Are You Ready To Get Digital Right?

Jon Gibs, Vice President, Media Analytics at Nielsen is offering up a 16-page report on “Integrated Measurement in a Multi-Screen World.”
Gibs asks: If the Internet has truly “arrived” and is being taken seriously, why have we not yet seen significant brand advertising dollars follow? He then follows the question with this sage piece of thinking: “Perhaps it’s because online creative units tend to replicate the print experience instead of redefining the consumer experience.”
Gibs also suggests that digital specialists acquire a more expansive view (although seeing the whole pie doesn’t prevent a slice from being stale):

To continue growing, the online ad world must take a hard look at itself as part of a broader, media industry-wide context and, as one prominent TV client put to me, “grow up.” The Internet does not exist in a vacuum and we’ve moved past the days when it is practical to operate like it does. Leading marketers look at media from a holistic perspective to reach today’s increasingly connected consumers. So too must anyone participating in the ad industry.

A TV guy telling digital kids to grow up is kind of rich. It seems to me that a lot of money’s being made online by acting like a kid–Twitter, Facebook, iTunes, even Google is the result of, and home for, kid-like tendencies. So maybe that’s it. Maybe online advertisers need to act more like kids, not grumpy old media guys. What might that mean in practical terms? It means playing around, and making a mess while discovering and inventing.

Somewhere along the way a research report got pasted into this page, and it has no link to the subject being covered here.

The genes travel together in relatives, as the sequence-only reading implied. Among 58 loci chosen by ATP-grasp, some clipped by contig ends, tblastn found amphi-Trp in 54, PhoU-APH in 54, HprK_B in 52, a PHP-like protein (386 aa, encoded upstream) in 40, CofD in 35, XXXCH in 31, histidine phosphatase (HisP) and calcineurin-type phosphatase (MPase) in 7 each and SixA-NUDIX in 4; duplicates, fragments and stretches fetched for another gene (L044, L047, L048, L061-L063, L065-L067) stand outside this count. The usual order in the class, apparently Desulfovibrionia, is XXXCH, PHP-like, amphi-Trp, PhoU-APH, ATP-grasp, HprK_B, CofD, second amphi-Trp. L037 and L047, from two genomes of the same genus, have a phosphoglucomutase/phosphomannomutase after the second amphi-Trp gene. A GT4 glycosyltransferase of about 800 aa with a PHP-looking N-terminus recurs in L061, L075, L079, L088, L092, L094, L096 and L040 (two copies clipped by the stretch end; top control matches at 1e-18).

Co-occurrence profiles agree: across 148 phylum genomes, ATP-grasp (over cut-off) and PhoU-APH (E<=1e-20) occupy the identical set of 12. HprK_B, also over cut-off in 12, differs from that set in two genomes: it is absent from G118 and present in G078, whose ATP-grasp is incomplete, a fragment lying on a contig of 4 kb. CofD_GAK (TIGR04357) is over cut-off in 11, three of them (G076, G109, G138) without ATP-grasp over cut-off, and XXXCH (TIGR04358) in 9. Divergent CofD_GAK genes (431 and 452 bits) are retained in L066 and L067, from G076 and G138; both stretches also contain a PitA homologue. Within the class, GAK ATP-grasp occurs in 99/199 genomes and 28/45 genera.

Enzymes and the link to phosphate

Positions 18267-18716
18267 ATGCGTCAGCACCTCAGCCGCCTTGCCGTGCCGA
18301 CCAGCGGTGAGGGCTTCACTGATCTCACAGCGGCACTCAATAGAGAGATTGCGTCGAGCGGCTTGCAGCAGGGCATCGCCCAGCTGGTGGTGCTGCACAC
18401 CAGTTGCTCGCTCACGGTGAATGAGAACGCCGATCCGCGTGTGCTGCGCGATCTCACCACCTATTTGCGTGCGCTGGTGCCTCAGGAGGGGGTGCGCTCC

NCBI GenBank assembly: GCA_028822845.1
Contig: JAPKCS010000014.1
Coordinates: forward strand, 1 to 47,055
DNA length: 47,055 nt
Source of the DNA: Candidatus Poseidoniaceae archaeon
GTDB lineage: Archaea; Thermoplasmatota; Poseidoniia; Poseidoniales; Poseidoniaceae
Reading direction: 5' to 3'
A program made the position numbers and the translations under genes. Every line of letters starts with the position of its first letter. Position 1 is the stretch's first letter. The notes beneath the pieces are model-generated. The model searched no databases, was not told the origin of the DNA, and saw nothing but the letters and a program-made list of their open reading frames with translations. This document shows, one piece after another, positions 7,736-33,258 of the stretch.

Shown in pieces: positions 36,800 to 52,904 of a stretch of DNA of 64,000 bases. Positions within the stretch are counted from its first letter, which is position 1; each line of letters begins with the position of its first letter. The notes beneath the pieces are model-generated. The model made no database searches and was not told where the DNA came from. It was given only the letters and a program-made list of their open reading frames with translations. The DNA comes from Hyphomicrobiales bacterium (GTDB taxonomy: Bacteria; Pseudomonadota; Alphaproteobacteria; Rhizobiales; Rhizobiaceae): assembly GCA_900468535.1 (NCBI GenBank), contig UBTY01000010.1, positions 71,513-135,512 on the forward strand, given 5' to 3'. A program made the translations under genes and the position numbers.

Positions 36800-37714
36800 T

Right now, people are working on inventing a better Web banner. But why settle for a bigger better banner, when the task requires pushing past banners altogether?
Ultimately the Web and Mobile is about people talking to people, not DJs talking to people, or reporters and editors talking to people, or actors talking to people. Given this, the ad model needs to come from a place of people talking to people. Real time, global word-of-mouth is what the digital medium offers. Let’s work with that, not an ad model from another era.



About David Burn

I wrote my first ad for a political candidate when I was 17 years old. She won her race and I felt the seductive power of advertising for the first time. Today—after working for seven agencies in five states—I am head of brand strategy and creative at Bonehook in Portland, Oregon.